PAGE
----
One graduate’s journey from prisoner to impact leader

“The fact that Truth Be Told is not an official Texas Department of Criminal Justice class is important. We, as prisoners, can be suspicious of any and everything programmatic and mandatory from the state. The fact that Truth Be Told is wholly independent and safe gives us an openness we would likely never feel otherwise. Secondly, that it is not a faith-based class is important, and I think I need to qualify that a bit. I am a firm believer in Christ. But there are so many faith-based classes and programs for women inside; that’s really 99.9% of what is offered to women in TDCJ, outside state programming. Having something outside that realm is important.”

Lori Mellinger, Truth Be Told graduate

By Katie Ford, executive director

I met Lori in the spring of 2015 when she enrolled in my Talk to Me Writing class at Lockhart Correctional. My impression of Lori back then was: impeccable with her words, a critical thinker, lives intentionally, super insightful about human behavior, a gifted writer.

Two and half years later, my impression of Lori hasn’t changed, but her life sure has.

Today, Lori works as an Americorps VISTA member with the United Way of Abilene. Volunteers in Service to America (VISTA) is a federally funded program that supports the sustainability of nonprofits. She is the first in Texas to be a VISTA member while also being on parole.

This time last year, I drove from Austin to Abilene to attend a United Way luncheon, where Lori was the featured speaker, having just graduated from FaithWorks, a 13-week career development training program. While I was in town, Lori and I co-hosted a creative writing workshop for the residents at New Beginnings Big Country (NBCC) Women’s Transitional Home, where Lori also is a resident and plays a supportive role as a state-certified Community Health Worker — another recently earned credential.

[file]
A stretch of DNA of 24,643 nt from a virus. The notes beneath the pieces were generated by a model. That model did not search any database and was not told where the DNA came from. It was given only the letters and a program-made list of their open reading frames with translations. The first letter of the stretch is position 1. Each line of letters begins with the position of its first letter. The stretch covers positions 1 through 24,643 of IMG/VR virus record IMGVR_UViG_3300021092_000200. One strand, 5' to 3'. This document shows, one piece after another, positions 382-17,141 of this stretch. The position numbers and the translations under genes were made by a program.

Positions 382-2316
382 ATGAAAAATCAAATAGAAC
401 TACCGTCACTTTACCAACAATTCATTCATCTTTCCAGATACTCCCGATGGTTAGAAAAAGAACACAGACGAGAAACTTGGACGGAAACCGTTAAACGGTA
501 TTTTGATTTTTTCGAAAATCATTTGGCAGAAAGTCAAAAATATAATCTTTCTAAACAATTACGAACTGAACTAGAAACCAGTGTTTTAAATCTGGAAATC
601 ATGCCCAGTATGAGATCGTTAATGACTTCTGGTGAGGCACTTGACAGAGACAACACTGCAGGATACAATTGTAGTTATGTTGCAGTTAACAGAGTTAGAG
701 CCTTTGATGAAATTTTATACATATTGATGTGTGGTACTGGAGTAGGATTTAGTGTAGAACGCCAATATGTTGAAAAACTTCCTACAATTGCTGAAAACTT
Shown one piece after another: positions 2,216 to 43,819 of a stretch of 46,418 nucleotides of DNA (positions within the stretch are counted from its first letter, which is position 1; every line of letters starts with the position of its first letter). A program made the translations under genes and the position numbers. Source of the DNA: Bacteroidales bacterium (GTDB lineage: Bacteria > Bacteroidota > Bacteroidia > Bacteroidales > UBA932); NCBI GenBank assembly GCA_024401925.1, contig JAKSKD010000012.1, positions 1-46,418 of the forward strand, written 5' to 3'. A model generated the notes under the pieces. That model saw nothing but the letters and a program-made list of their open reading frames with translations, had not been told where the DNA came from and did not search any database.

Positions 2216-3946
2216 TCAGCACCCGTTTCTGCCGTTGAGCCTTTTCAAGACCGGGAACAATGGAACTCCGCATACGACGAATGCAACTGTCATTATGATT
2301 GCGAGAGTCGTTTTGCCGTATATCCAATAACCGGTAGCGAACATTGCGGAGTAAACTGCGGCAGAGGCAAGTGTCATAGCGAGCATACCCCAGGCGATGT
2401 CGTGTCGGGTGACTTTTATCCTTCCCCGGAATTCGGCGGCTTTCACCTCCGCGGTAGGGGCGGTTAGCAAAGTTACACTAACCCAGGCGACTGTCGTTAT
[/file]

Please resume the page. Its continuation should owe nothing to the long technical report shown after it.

This past fall, it was Lori’s turn to drive to Austin. She took time off work to volunteer for Truth Be Told as a “Beyond Bars Goes Behind Bars” guest speaker. Lori willingly went back inside Lockhart Correctional as a free woman to speak to our Talk to Me participants about life after incarceration. Our graduates out here in the free world do this every semester for us, and it’s always humbling and amazing to see the impact their stories have on the women still inside.

I loved seeing Lori in this role as an impact leader. That’s us in the parking lot of Lockhart Correctional in the above photo, right before we went inside. What she brought to the women was hope, a window into what life can look like after incarceration. It’s not perfect. It’s not easy. But it can be very different than the life you once lived.

I hope you will join Lori in being an impact leader for Truth Be Told by supporting us on Amplify Austin Day this year. We have set an ambitious $36,000 goal!

We have deemed 2018 as The Year of Capacity Building. To serve more justice-involved women, we must first make a meaningful investment in our infrastructure to overcome operational pain points. Central to this investment is giving Truth Be Told something it has never enjoyed in its 18-year history — full-time executive leadership. TDCJ data reveals that 86.2% of our graduates remain free three years post-incarceration. Seventy percent of women in Texas correctional facilities are mothers and the primary influencers in the home.

Truth Be Told programs meet a documented service gap in the U.S. correctional system by offering “gender-responsive” programs — programs designed by women for women. Our programs address the unique risk factors that lead women into the criminal justice system, such as elevated rates of addiction, interpersonal violence, and histories of childhood physical and sexual abuse.

Can you imagine the ripple effect in our communities if Truth Be Told could reach more justice-involved women in Texas?

Please visit our Amplify Austin Day campaign page and schedule your donation today.